God sees us in our distress. No matter how far we run or how big of a pity party we have, His hope is that we will search for Him and trust His plan. Psalm 9:10 says, “Those who know your name trust in you, for you, O Lord, do not abandon those who search for you.” God has not abandoned you in your time of need. He’s not left you to fight your battles alone. You may not see it, but going through difficult seasons is often how He builds our faith, course corrects and draws us closer to Him. His desire is that we will search for Him and fully rely on Him. You can trust in Him and in His plan especially when you can’t see the way forward. He is a good God and has a plan you can trust in even when it seems all hope is lost. He sees you in the middle of your storm. You are not forgotten.

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Cultivating God’s Word

If you go back to Genesis and read the account of creation, you’ll notice that God spoke almost everything into existence. However, there were two things He made by hand. One was man and the other was the Garden of Eden. It says that God planted the trees and plants in the garden. Then in Genesis 2:15 it says, “Then the Lord God placed the man in the Garden of Eden to cultivate it and guard it” (GNT). It was man’s responsibility to tend to the things God planted and to guard them well. I believe we still have the responsibility today to cultivate and guard what God plants.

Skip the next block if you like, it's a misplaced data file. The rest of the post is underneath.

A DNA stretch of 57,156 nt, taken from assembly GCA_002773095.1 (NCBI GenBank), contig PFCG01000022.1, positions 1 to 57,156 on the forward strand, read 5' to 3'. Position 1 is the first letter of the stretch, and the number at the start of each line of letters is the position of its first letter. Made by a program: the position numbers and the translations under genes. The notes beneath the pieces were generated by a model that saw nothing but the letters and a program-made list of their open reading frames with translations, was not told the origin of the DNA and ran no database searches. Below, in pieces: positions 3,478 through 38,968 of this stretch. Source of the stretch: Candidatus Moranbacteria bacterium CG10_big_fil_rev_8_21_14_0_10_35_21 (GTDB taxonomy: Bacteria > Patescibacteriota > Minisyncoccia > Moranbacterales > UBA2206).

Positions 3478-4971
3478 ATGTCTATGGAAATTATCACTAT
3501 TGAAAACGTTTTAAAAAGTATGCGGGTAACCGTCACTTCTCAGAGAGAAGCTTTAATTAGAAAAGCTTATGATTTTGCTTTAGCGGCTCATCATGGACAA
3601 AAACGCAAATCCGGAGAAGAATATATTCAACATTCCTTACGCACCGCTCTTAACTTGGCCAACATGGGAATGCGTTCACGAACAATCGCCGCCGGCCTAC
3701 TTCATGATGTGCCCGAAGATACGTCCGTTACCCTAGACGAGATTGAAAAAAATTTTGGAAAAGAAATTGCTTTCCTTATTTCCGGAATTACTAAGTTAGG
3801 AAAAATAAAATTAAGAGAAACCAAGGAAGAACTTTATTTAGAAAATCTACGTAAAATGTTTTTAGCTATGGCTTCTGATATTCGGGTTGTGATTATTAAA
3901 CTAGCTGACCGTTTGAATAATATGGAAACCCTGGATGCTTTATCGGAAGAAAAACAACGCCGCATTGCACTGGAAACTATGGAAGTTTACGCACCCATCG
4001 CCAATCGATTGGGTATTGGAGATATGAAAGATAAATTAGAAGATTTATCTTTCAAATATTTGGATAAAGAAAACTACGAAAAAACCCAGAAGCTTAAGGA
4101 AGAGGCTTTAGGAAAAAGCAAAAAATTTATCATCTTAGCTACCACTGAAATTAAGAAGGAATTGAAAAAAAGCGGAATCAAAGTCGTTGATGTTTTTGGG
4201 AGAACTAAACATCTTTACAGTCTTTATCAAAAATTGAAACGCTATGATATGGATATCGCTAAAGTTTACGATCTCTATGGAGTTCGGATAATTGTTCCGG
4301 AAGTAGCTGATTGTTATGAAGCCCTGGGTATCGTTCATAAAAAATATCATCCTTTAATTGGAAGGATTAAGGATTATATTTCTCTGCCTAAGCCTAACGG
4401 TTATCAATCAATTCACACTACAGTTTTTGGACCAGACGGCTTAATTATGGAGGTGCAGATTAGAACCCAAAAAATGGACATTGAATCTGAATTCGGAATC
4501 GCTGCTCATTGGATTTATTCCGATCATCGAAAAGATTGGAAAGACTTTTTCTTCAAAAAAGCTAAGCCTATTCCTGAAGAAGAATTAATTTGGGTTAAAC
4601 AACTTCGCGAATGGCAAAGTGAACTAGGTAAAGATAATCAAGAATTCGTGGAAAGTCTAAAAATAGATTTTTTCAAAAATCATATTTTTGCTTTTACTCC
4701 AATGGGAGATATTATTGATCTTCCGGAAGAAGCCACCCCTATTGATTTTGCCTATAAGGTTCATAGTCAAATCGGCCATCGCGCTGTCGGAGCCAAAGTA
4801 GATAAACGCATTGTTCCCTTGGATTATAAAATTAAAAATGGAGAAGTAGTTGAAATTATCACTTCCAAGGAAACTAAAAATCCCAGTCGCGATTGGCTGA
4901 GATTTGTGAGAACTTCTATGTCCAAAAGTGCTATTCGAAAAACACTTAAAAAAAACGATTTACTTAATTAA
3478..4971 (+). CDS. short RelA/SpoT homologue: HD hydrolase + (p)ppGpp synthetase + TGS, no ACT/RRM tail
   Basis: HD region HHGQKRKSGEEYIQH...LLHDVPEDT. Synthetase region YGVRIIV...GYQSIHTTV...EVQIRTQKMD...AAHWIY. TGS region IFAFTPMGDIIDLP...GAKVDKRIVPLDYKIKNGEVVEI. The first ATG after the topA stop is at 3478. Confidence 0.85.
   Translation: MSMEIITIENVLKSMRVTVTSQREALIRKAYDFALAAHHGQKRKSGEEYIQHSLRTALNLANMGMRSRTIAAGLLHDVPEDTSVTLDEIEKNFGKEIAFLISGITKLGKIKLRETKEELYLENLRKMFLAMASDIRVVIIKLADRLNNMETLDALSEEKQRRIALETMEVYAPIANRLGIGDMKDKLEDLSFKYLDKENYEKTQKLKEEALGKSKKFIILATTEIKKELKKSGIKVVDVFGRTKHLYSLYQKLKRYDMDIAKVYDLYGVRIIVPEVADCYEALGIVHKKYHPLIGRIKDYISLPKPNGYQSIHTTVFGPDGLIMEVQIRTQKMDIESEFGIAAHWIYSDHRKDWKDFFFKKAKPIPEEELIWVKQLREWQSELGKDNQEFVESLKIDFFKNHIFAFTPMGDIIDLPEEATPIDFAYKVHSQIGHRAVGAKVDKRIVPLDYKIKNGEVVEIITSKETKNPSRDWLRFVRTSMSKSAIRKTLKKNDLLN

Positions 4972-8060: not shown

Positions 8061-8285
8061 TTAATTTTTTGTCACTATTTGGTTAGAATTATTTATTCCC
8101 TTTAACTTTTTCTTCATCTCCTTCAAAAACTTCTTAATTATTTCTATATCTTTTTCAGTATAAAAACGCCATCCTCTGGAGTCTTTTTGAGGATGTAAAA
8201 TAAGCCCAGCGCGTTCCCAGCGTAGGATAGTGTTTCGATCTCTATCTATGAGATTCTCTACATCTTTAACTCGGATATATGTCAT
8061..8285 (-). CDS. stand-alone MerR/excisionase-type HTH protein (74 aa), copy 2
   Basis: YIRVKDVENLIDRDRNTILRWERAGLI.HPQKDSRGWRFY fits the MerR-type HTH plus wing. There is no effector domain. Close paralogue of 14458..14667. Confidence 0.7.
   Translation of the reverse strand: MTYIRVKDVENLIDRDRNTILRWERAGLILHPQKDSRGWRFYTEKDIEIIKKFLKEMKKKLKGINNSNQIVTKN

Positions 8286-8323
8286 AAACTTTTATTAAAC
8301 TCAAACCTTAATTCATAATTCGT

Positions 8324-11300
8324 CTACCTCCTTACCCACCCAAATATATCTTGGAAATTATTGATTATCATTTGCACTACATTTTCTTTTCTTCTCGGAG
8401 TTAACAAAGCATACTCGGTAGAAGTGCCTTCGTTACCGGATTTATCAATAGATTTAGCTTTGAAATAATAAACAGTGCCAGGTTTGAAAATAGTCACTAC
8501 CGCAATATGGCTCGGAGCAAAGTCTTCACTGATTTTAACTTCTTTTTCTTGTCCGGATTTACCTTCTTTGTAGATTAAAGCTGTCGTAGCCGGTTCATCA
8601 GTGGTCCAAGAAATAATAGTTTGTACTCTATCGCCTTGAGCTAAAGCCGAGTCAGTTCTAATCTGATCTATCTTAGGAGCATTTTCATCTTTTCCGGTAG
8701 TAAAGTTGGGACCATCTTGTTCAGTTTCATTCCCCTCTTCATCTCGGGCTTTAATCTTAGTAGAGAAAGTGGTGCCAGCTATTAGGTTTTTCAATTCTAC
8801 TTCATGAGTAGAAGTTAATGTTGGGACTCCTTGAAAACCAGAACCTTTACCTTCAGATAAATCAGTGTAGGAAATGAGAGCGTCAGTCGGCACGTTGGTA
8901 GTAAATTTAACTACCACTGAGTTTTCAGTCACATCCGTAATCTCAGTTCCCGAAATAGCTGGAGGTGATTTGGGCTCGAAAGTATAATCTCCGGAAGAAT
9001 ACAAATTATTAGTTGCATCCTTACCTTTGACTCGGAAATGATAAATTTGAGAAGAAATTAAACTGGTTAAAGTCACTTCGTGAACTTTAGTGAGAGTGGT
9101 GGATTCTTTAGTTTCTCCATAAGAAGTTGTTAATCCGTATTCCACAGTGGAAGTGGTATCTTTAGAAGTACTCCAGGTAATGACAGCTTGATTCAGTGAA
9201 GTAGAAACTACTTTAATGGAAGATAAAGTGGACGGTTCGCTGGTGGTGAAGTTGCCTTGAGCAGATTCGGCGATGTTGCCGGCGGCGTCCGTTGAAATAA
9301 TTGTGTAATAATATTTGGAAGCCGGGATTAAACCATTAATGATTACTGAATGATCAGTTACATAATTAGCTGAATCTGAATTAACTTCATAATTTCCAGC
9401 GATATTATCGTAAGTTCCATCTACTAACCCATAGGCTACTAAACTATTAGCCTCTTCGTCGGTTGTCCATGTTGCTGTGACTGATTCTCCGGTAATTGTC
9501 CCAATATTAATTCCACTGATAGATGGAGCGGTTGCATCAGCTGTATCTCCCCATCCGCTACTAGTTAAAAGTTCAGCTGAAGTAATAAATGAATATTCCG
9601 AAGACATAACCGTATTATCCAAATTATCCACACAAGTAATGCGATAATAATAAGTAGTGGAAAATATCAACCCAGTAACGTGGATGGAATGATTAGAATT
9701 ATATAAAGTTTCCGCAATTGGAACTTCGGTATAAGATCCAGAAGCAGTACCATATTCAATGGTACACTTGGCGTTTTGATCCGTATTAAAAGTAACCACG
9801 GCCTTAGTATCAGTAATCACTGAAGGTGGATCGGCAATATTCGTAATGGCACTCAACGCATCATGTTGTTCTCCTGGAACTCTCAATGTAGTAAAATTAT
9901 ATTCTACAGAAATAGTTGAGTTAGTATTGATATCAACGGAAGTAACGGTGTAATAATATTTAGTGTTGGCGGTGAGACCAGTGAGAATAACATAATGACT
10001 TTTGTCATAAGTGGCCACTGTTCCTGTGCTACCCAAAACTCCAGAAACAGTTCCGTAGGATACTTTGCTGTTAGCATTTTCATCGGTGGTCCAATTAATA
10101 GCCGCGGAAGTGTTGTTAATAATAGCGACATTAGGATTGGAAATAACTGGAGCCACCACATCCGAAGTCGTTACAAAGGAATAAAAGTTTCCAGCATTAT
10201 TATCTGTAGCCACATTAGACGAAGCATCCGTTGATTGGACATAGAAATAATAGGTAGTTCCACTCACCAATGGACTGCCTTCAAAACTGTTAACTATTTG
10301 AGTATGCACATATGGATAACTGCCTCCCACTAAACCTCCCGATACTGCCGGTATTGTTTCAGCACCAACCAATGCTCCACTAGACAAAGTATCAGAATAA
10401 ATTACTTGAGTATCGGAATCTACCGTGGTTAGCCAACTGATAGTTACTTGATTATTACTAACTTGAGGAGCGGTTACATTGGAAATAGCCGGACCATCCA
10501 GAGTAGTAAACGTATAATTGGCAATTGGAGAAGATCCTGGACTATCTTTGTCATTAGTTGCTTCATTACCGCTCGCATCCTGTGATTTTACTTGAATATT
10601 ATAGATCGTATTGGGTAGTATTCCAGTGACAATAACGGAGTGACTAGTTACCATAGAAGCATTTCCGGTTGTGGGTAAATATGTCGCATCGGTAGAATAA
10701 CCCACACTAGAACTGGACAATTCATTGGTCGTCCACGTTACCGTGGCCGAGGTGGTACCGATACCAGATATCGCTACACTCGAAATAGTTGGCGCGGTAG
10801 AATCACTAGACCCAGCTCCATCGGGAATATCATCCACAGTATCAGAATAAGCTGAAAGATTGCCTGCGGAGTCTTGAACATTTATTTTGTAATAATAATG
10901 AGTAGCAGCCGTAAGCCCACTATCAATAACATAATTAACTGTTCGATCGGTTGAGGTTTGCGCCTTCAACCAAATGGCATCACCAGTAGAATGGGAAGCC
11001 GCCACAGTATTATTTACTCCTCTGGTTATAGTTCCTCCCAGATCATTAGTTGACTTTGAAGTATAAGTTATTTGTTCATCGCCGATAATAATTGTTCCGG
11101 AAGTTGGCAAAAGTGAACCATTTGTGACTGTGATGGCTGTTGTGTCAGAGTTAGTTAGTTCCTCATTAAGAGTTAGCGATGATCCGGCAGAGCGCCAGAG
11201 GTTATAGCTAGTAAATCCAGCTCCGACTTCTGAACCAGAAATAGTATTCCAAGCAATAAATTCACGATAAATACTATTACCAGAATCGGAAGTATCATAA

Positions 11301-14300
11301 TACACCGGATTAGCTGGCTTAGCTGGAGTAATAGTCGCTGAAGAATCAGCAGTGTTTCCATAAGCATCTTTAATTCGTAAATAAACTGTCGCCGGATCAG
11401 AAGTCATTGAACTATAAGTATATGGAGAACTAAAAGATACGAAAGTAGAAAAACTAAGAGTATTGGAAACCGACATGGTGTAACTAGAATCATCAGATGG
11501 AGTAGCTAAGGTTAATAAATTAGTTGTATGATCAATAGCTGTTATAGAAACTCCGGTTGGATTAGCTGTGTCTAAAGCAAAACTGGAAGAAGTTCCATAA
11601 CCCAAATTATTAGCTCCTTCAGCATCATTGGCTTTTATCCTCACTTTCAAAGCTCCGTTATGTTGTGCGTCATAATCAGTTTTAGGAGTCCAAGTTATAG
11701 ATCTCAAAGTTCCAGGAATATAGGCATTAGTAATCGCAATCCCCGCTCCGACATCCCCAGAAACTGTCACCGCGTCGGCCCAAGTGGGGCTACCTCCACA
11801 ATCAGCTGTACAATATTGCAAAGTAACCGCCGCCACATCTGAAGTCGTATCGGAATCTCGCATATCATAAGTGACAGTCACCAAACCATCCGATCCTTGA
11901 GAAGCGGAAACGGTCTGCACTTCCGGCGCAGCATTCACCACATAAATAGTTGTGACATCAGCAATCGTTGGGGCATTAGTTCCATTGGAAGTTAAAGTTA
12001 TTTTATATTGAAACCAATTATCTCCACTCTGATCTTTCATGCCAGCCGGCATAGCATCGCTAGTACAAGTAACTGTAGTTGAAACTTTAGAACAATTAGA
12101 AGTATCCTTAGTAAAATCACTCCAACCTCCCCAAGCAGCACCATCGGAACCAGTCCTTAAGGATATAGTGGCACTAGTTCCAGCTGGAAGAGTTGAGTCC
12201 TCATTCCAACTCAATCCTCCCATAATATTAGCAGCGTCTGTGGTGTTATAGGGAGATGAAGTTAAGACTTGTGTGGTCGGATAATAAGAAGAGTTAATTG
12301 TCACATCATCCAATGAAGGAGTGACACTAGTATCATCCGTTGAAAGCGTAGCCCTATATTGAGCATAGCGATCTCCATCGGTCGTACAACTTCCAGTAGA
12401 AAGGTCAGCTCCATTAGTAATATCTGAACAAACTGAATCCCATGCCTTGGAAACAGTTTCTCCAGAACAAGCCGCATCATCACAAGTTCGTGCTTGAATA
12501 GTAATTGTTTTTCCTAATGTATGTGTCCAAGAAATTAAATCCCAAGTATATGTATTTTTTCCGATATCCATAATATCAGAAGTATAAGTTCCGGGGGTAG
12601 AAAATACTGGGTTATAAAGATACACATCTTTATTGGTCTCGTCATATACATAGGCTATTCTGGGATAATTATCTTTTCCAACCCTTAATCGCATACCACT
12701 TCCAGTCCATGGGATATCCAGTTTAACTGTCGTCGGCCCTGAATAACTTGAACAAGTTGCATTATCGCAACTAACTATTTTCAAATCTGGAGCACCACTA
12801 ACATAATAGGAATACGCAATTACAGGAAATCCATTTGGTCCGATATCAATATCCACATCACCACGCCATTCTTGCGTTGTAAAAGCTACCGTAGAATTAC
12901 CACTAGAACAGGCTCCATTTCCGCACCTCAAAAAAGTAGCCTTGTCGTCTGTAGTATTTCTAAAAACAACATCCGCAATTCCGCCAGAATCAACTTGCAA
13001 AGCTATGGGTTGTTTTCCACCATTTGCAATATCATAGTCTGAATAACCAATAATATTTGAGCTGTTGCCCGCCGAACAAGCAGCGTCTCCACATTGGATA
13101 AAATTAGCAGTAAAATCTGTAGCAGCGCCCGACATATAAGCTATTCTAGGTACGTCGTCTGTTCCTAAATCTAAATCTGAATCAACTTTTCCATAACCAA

Let’s fast forward to the New Testament. In Luke 8:5-8, Jesus told the parable of the farmer who went out to plant some seeds. So,e seeds fell on the path where it was stepped on and birds ate it. Some fell on rocky ground, but the plants died because there was no moisture. Some fell among the thorns and they choked out what grew. Finally, some fell on good soil and produced a crop. The disciples didn’t really understand the parable, so Jesus explained that the farmer was God and the seed was His Word. Then in verse 15 He said, “The seeds that fell in good soil stand for those who hear the message and retain it in a good and obedient heart, and they persist until they bear fruit.”

God is always trying to plant His Word in our hearts, but it’s up to us to guard it and cultivate it. What was true in the garden is still true today. If we want to see a harvest in our lives, we need to protect what God plants from the enemy who will try to eat it by discrediting it and crushing it. We must remove the rocky parts of our heart to keep the soil fertile so that we continue to hold onto it during hard times. Finally, we need to guard against the cares of this world that will try to take priority over God’s Word. Remember, it’s God who does the planting, but we are the ones who must care for, tend and protect what He plants.